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I am learning to play the piano on my own. When I play and I hear a mistake, I go back and play the correct note. Hearing the right note helps me find the next one. But I heard that you should ignore mistakes like playing the wrong key and not interrupt the rhythm. Is this true? Why would you not go back and play the right notes?

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    As my teacher used to say, mainly while improvising jazz. It is ok to play wrong notes as long as they are played intentionally. – user1391068 Dec 28 '15 at 11:19
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    Are you practicing or performing? If you are practicing, are you playing with a group or alone? – phoog Dec 28 '15 at 18:50
  • Please not that you can stop and correct bad note only if you play alone. If you play with a band, you just can't stop and go back a few bars without ruining other musicians' performance. – el.pescado Dec 30 '15 at 18:21
  • Right, the big concern here is that recovering when you screw up is a very difficult skill which every musician needs to have -- even if you're not playing with anyone else, most audiences will not appreciate a piece which stops abruptly, moves back in time several bars, and then keeps playing. (Though it would be fun to play with this as a composer.) Indeed, if they do not know the piece very well or otherwise are not paying careful attention they might not even notice the mistake the way the musician does, unless the musician pauses after the mistake and calls attention to it. – CR Drost Dec 31 '15 at 16:09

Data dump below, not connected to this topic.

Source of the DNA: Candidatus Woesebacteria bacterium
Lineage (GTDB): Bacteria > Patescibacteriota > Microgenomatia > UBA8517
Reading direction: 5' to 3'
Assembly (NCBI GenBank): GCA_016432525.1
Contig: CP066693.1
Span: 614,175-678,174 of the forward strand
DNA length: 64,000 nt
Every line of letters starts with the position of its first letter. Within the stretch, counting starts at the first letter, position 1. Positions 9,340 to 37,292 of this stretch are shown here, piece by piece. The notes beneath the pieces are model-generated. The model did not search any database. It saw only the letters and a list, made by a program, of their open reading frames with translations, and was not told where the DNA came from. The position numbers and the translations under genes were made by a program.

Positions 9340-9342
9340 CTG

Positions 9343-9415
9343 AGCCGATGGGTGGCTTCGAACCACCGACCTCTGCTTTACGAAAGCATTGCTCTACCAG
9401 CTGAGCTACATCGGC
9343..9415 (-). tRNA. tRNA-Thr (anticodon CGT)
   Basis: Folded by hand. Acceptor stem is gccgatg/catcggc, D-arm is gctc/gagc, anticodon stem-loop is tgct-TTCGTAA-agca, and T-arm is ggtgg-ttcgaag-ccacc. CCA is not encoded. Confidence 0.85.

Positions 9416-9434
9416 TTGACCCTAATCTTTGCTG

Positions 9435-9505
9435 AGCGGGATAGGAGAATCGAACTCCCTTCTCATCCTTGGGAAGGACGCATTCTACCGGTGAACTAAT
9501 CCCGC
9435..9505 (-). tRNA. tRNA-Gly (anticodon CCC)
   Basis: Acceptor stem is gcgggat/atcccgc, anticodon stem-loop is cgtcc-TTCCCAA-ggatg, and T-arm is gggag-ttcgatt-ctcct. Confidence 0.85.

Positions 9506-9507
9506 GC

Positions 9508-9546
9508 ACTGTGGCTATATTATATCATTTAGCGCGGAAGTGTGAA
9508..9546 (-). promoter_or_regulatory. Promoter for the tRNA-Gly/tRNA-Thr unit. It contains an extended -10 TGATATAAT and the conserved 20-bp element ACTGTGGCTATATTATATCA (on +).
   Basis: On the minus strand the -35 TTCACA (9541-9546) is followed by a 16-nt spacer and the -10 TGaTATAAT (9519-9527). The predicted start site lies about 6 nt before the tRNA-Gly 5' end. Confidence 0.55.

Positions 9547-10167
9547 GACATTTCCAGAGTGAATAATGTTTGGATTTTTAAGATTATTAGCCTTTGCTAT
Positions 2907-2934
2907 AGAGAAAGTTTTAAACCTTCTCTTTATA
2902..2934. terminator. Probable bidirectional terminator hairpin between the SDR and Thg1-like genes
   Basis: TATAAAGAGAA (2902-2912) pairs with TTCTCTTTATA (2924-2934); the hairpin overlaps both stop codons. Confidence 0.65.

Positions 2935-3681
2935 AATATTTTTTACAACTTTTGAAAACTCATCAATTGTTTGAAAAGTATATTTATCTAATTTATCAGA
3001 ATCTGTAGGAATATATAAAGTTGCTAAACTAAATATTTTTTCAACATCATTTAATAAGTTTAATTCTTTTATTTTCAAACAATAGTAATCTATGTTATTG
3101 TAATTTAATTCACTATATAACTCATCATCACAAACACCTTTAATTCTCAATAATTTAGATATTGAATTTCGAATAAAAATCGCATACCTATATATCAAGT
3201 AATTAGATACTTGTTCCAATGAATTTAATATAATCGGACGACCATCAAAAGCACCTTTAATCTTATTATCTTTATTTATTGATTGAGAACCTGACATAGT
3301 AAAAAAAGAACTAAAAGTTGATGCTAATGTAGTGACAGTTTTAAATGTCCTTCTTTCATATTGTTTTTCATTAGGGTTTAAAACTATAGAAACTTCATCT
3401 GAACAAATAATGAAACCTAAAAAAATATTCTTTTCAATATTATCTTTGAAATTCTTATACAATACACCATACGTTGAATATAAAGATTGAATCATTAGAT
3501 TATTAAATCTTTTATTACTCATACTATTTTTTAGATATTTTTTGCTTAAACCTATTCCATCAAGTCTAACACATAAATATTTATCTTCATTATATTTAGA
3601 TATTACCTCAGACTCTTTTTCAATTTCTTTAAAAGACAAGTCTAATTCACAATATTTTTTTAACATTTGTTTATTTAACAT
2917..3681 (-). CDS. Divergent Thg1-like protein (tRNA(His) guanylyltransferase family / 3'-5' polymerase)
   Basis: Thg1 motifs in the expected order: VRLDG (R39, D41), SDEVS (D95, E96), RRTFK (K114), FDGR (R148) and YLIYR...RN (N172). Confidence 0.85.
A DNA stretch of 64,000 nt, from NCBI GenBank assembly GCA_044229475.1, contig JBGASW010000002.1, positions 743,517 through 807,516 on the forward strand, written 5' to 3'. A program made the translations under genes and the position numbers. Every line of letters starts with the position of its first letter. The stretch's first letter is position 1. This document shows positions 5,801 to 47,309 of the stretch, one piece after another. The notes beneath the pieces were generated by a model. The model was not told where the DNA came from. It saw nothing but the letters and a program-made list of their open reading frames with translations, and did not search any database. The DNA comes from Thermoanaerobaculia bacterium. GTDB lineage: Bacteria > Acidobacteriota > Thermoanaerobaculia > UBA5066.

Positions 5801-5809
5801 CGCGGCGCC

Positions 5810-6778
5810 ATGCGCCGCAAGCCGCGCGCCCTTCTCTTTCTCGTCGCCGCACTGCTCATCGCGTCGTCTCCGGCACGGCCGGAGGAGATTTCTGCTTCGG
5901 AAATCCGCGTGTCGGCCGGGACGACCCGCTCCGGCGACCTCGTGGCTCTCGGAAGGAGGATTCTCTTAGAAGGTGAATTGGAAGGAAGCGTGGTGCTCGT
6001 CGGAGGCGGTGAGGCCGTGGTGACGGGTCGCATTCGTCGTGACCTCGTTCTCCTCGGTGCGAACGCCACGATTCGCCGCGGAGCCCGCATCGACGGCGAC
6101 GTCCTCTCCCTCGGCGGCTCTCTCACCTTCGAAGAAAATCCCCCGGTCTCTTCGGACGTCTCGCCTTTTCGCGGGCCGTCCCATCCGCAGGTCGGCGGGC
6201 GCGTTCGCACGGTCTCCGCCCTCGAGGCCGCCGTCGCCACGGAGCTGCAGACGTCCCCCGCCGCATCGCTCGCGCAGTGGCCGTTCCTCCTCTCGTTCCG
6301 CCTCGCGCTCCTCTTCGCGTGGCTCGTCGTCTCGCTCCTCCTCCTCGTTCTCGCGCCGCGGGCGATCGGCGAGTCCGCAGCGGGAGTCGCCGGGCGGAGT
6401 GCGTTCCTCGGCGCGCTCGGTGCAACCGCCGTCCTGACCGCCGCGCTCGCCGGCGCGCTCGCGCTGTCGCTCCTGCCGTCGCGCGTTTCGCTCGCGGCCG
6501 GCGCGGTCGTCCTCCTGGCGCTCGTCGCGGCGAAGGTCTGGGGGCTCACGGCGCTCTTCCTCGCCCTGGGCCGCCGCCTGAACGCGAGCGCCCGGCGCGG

10 Answers 10

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My teacher instructed me to think of two different approaches to practice:

  1. "Stop" -- where you are trying to learn the piece, work out the fingering (or other technical aspects) etc. You're not too concerned with keeping time, and when you make a mistake you stop, go back (maybe to the beginning of the phrase) and fix it. This mode allows you to fix in your mind the whats and the hows of the piece.

  2. "Go" -- where you are trying to perform the piece through. Here you are trying to keep time and need to just blow by any mistakes that you make. This mode is what allows you to actually perform the piece.

As you work through a piece you need to switch back and forth between these two approaches: "stop" to initially learn the piece, "go" to get into the flow with it, back to "stop" when you identify sticking points etc.

Some additional notes:

  • "Go" is not "go until you make a mistake", the idea is to decide that for this practice session (or part thereof), "I'm working on this piece in 'go' mode".